Today we take a look at that neat village called Eastondale. Nestled between Washington Street and the Brockton and West Bridgewater town lines, the Eastondale neighborhood has always been a close-knit community. Many years ago, besides homes and farms, you would find within the neighborhood a store, post office, church, social clubs, trolley service, and a railroad depot and freight house among other things. Today Eastondale is gently filled with handsome homes and nicely landscaped vistas. The post office, trolley and train may be gone, but fortunately we have a terrific photo that preserves evidence of two modes of transportation that were important to the neighborhood, and Easton.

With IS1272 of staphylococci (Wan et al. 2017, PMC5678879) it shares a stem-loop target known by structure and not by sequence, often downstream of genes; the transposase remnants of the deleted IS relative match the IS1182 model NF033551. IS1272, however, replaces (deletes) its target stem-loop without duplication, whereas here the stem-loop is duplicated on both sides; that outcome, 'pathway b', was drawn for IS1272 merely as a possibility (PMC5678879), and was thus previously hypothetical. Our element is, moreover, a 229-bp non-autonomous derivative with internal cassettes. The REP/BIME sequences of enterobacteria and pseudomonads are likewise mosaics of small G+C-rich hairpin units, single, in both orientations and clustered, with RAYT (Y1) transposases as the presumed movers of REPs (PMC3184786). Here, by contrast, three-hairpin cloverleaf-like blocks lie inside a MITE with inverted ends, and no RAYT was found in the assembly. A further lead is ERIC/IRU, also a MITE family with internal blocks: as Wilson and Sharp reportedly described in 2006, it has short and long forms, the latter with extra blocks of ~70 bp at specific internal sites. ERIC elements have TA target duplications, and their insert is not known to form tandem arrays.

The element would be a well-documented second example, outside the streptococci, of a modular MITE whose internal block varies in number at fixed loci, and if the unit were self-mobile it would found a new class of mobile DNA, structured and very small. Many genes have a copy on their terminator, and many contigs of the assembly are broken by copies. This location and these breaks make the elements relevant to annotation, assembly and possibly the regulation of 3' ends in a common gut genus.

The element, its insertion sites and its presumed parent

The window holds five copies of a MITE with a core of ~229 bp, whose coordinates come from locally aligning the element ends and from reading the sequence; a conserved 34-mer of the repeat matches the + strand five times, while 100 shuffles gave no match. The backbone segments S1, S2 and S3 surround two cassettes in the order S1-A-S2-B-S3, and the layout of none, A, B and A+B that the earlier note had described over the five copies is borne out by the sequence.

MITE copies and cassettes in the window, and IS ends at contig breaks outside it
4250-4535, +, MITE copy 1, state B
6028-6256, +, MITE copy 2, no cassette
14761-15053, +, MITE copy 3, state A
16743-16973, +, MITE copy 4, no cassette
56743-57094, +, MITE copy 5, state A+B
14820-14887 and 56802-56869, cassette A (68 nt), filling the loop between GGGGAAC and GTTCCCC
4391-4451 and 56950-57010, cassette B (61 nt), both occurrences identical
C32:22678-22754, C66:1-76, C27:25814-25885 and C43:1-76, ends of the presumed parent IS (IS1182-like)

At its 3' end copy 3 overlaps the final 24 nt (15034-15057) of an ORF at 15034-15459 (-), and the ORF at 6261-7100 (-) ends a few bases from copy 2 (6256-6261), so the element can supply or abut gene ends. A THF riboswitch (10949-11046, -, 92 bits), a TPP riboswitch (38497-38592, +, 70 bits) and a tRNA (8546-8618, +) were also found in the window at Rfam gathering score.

The photo below, taken around 1910-20 by local photographer Webster W. Bolton, captures the moment a trolley passed below the railroad bridge in Eastondale. That’s right, there was a railroad trestle over Turnpike Street and an underpass for the trolley! A little explanation is required for this.
While train service had been established through Easton following the end of the Civil War, there were few connectors between main lines. As the demand for freight grew, connecting lines called “spurs” were established. One of these was a line from the main track in Easton to South Easton, through Eastondale, and into the Matfield section of West Bridgewater. Sometimes called the “Shovel Handle” route, it crossed Pine Street, High Street and Turnpike Street on its way out of town. This spur appears to have been in use in the very early 1900’s.